Waterbury was born in Flint, Michigan on November 24, 1953. His father, while working for the company Universal CIT, moved his family five times over the next four years before settling just outside of Detroit. Waterbury’s childhood was spent watching countless hours of old black and white movies and reading tons of super hero comic books whenever he got grounded (which happened a lot).
Then on Christmas 1965, Waterbury got a Kodak Brownie Starmite camera from his uncle. Over the next seven years, making pictures was one of the few things that motivated him. The Polaroid Swinger that he received on his thirteenth birthday could break the ice in just about any group situation as Waterbury would have friends make silly poses and faces for the camera. Everybody loved taking home a picture. Then at age fifteen, he got a hold of his Grandfather’s Kodak Retina II and a whole new world opened in taking control beyond just framing and pushing the shutter. For Waterbury, processing and printing began. His Daily Tribune paper route made just enough money to feed his addiction to film and limited darkroom supplies.
By 1970, totally bored with school it had become something to be avoided whenever possible. Getting caught for not attending class, sent to the office, and suspended was something he became a regular at. Waterbury was still making his photographs in the basement (while trying to stay out of the way of his father).
A young art teacher at Waterbury’s high school offered to let him use the brand-new darkroom that had just been installed, since Waterbury was working on the school newspaper. Just imagine a fully stocked darkroom that he could work in away from home and to his heart’s content. It was like heaven. Not only did he find using the darkroom a great opportunity, it was the first time anyone had taken an interest in his photography. The art teacher took on Waterbury as a student in the middle of the year and showed him art! It would be the best, lucky turn in the seventeen-year-old’s life. Lucky - that the art teacher was Norm Stewart, terrific teacher, artist, and great contemporary screen printer, Best - Stewart managed to get it through to Waterbury that "its not how you did a work, but why."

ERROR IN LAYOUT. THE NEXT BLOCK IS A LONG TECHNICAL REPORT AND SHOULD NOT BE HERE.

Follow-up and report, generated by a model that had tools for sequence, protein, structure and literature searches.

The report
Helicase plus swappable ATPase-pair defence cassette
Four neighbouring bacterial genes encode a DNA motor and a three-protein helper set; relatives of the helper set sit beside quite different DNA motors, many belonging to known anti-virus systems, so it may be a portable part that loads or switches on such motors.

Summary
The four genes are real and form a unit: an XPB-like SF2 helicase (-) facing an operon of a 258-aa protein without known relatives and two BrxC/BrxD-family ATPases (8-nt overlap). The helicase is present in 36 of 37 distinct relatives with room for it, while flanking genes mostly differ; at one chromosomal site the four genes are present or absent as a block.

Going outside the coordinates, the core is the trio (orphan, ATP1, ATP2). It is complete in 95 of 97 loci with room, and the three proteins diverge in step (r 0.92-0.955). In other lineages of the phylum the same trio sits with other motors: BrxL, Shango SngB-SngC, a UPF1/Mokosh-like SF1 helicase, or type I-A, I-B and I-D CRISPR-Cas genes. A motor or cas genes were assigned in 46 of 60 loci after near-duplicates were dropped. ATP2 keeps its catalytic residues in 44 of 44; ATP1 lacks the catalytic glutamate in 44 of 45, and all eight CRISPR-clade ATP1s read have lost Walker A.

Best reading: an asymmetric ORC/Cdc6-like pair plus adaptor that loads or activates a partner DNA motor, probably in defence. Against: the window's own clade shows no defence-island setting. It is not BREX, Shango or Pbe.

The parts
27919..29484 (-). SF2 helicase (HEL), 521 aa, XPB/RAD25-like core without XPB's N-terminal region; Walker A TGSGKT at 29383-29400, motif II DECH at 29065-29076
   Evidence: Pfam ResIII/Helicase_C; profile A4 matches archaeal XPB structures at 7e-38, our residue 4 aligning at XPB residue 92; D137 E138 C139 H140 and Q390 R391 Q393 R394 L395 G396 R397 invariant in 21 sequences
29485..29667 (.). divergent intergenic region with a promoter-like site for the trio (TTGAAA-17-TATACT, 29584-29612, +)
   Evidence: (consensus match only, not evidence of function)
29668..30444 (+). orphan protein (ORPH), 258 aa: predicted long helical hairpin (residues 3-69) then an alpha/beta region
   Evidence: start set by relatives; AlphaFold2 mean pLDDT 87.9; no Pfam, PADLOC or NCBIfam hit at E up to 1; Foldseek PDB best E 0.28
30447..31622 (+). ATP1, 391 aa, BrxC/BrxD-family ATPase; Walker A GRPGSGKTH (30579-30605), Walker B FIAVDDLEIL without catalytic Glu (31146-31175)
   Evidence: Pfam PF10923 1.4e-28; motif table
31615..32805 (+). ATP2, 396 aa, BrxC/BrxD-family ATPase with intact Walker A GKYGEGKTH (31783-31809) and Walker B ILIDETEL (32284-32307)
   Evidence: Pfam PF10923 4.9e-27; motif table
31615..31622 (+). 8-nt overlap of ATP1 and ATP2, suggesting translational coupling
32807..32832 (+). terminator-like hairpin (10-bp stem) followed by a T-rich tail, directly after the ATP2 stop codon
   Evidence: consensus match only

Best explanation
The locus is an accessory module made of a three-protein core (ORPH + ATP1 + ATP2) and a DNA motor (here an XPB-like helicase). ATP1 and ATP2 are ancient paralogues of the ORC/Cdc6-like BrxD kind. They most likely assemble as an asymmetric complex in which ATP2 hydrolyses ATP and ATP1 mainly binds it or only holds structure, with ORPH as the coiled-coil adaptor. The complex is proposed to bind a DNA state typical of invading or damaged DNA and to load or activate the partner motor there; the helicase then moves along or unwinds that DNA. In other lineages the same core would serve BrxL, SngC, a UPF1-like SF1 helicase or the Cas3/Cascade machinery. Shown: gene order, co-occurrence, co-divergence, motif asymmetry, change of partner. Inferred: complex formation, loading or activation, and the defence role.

Waterbury went on to work as commercial advertising photographer in Chicago. First in the catalog studio system that Chicago was so well known for and where so many incredible photographers found their start. After that, he opened his own studio, Waterbury Creative, where he says “I had a bang up time.” Working as a professional photographer and having his own place with access to just about anyone and anything for the business allowed him to continue his artwork as an avocation. Commercial photography kept the lights on and the phone from being disconnected. Art kept his sanity in check.